A 13-year old male student was crossing Ovoca Rd. on his way to School Monday morning in Tullahoma when he was hit by a vehicle. The unidentified student was flown to Vanderbilt Children’s Hospital for treatment of his injuries, which are not expected to be life threatening. 

One lane of traffic was stopped at a traffic light, but traffic in the opposite direction was not stopped when the student apparently crossed the stopped cars and into the path of oncoming traffic. 

Mobile food pantry is in Manchester Friday

Coffee County and Manchester City Schools are partnering together to host a Mobile Food Pantry for families in need on Friday, November 15th at First Baptist Church of Manchester. A Mobile Food Pantry is a large scale food distribution in which food items are delivered via Second Harvest Food Bank to a designated location for immediate distribution to those in need.

“We, Coffee County and Manchester City Schools, are excited to offer this opportunity for our families. By working together, this allows us to ensure we are serving every family in need,” said Taylor Rayfield, Coordinator of Family Resource for Coffee County Schools.

The Mobile Food Pantry will be held on Friday, November 15th at First Baptist Church of Manchester, 1006 Hillsboro Blvd., Manchester, Tennessee 37355. Doors open at 9 AM and is a first come, first serve opportunity. This program is for families who have a student enrolled in the Coffee County Schools or Manchester City Schools System.

For questions, contact Taylor Rayfield, Coordinator of Family Resource for Coffee County Schools at (931) 222-1066, or BJ Sylvia, Coordinator of Family Resource for Manchester City Schools at (931) 728-3412.

Grundy Co. commissioner charged with assault, domestic assault

A Grundy County Commissioner turned himself in on Tuesday, Nov. 12 at the Grundy County Jail after he was charged with domestic assault, aggravated assault and reckless endangerment in an incident that allegedly took place on Nov. 8. Commissioner Mike Cordell is free on $5,000 bond and is wearing a GPS monitor. 

According to a report on file with the Grundy County Sheriff’s Department, Cordell allegedly got into an altercation with family members and a boyfriend of a family member. He allegedly choked someone, struck a family member in the face and knocked over a stroller with a two-month old baby inside. 

It is the policy of Thunder Radio News to not release names of those who are victims of alleged domestic violence.

Resolution reached in case of Nashville activist Justin Jones

A resolution has been reached in the case of proclaimed Nashville activist Justin Jones, a case that ended up with Coffee County District Attorney Craig Northcott serving as a special prosecutor and subsequently thrust Northcott into the national spotlight.

Jones was charged with assault back in February after authorities say he threw a drink on state representative Glen Casada. Casada’s office claimed that Jones emailed Casada following his arrest, a violation of Jones’ bond conditions. Nashville District Attorney Glenn Funk received emails with two separate dates, causing confusion and a discrepancy as to whether or not Jones violated a court order or if someone manipulated dates in order to cause trouble for Jones. Funk recused himself from the case and Northcott was appointed special prosecutor.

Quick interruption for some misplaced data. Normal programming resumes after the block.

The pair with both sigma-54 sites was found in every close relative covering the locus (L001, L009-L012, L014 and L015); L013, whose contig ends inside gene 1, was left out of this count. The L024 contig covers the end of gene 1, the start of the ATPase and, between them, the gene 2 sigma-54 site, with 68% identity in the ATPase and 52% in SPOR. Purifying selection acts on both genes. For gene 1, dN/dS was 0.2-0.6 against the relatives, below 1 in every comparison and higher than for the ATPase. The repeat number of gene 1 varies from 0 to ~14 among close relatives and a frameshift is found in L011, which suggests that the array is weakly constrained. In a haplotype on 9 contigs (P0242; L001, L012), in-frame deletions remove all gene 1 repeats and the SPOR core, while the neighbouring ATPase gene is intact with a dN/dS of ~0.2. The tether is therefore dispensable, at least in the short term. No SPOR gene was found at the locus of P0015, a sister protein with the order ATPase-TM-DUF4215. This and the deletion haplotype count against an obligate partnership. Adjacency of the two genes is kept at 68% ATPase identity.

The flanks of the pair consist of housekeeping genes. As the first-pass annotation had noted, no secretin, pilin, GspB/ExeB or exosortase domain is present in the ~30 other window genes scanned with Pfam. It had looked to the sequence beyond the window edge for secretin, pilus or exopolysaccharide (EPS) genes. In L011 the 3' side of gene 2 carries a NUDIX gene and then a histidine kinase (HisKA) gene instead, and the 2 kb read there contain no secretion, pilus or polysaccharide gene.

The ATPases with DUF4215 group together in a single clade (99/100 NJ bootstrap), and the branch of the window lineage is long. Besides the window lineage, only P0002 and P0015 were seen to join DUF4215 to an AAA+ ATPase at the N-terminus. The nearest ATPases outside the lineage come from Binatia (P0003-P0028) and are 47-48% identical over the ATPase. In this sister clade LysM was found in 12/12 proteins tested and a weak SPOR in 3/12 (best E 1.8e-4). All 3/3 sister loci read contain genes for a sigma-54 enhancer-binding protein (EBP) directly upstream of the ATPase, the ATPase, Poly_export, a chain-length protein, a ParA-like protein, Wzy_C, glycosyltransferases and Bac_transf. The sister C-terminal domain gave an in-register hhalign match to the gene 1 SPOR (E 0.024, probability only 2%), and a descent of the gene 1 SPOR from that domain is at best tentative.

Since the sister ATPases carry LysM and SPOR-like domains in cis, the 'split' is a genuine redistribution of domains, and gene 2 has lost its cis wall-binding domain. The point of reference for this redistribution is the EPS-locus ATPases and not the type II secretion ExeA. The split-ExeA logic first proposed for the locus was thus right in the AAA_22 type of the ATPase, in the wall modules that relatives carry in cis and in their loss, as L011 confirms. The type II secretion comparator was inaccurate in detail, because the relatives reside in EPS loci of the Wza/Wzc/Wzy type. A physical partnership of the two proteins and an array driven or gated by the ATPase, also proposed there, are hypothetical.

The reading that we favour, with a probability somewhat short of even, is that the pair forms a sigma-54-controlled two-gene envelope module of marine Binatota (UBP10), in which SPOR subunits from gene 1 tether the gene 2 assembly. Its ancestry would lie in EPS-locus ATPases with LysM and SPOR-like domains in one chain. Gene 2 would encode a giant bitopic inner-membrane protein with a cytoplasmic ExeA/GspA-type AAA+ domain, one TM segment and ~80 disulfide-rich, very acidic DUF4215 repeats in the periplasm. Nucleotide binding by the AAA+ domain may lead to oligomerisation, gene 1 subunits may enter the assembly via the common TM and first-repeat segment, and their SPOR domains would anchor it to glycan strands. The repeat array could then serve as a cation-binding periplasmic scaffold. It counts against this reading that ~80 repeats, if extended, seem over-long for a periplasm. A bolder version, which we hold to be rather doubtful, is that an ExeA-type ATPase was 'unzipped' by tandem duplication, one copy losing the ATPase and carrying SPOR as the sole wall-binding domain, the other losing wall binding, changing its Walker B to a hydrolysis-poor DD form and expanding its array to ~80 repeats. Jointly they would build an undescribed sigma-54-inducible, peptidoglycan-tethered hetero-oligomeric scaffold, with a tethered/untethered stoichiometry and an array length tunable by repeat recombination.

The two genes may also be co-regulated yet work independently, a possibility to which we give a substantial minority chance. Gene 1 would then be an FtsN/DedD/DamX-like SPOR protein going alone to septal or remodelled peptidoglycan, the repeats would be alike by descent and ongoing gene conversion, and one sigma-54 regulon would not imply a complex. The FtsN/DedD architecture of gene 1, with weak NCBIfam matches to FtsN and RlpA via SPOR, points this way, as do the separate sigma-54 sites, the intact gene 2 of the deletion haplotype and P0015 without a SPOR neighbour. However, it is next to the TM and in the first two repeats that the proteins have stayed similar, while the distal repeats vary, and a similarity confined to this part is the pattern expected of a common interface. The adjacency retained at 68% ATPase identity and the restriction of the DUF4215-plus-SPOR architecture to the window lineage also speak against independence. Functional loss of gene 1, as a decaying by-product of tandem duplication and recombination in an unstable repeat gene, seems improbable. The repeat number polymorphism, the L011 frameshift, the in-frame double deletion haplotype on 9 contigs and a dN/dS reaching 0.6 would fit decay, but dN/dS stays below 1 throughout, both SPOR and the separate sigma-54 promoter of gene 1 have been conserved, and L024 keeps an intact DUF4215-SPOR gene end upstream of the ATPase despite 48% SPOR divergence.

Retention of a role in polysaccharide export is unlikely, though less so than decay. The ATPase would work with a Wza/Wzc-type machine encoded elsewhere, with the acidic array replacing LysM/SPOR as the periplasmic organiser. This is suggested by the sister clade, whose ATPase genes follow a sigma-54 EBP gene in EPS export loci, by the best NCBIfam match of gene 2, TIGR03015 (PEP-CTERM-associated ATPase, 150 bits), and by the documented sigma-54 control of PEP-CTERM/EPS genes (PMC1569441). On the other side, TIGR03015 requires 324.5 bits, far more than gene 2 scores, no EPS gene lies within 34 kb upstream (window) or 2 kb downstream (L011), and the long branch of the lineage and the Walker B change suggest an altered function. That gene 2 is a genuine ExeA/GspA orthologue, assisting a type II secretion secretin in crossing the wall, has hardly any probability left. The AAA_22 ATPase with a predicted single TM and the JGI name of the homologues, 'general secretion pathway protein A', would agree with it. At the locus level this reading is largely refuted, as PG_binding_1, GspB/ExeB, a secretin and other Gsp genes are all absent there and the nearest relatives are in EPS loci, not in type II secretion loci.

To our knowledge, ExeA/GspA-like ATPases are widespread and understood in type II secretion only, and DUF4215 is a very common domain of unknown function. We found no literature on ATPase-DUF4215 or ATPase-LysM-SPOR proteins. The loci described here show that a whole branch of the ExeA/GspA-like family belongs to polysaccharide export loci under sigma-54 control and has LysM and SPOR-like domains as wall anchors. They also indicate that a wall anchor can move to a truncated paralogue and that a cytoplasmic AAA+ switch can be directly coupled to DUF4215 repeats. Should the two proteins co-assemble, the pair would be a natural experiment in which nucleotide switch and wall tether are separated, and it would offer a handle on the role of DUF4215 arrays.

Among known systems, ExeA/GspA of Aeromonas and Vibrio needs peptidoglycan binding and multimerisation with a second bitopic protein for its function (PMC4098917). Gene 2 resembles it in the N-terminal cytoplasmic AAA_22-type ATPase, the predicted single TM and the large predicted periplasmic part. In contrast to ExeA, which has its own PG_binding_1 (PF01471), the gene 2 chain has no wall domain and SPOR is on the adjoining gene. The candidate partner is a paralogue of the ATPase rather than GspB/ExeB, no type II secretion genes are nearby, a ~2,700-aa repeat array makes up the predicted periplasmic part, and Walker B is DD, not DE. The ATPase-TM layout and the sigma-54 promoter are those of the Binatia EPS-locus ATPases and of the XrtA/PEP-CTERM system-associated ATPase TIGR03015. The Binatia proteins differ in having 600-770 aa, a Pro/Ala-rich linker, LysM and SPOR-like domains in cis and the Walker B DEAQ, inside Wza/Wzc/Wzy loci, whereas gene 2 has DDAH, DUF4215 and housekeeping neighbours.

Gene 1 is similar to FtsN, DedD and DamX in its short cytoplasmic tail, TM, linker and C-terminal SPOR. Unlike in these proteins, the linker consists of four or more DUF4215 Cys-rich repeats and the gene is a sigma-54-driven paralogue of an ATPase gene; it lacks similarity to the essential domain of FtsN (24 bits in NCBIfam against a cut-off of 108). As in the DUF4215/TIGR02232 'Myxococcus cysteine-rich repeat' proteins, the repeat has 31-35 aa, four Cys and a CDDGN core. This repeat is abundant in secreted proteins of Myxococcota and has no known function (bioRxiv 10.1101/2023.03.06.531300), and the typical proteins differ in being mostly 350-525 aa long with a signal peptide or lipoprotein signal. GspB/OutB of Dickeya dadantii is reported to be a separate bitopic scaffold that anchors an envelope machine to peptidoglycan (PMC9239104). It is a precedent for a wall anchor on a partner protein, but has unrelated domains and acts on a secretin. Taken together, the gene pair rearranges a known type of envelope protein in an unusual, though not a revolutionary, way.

According to The Tennessean, Northcott looked into the emails and believed a technical glitch was the reason for the mix up and said that Jones did not violate his bond, nor were there any doctored emails.

In a copy of the court order that appears to resolve the case obtained by Thunder Radio News Wednesday afternoon (Nov. 13) but not yet signed by the court, Northcott is having the case placed on what is called a “retired docket” until April of 2020. If Jones obeys terms of the order, such as avoiding Cordell Hull State Office Building, has no contact with Casada or Representative Moody, follows all rules while in the State Capital Building and is not re-arrested, then the case will be dismissed. If not, Northcott will proceed with prosecution.

“If the defendant abides by the terms of the agreement, the case will be dismissed on April 22, 2020,” Northcott explained in an email to Thunder Radio News. “If not, I can place the matters back on the active docket and move forward with the prosecution. The victims, Reps. Debra Moody and Glen Casada are satisfied with the resolution and hope Mr. Jones has learned from this situation and will move forward in a positive direction.”

Serving as special prosecutor on the case has come at a price to Northcott. Comments he made regarding gay marriage and the muslim religion were picked up by news media covering the case, eventually leading to an investigation by the Tennessee Board of Professional Responsibility (which remains open) and calls for his resignation among members of the Tennessee Bar.

County talking about $2.5M investment for TCAT

There are nearly 30 Tennessee College of Applied Technology campuses across the state. And Coffee County would like to add another here in Manchester. 

According to a report from the Manchester Times, Coffee County Mayor Gary Cordell put forth a proposal to the county’s budget and finance committee that would have the county putting up $2.5 million to bring a campus here.

The deal would mean the county would purchase a 5,000 square foot building from VIAM Manufacturing large enough for approximately 400 students. It is the same building VIAM has allowed TCAT to use for industrial maintenance training for the past two years. The county would also need approval from the Tennessee Board of Regents and TCAT. 

Decherd finance officer fired

The City of Decherd’s finance officer Tammie Allen has been fired after city officials were made aware that she was allegedly misappropriating funds from fuel cards for personal use. City officials were tipped off by the Franklin County Sheriff’s Department, according to a report by the Herald Chronicle. 

Allen has not been arrested in this case at this time.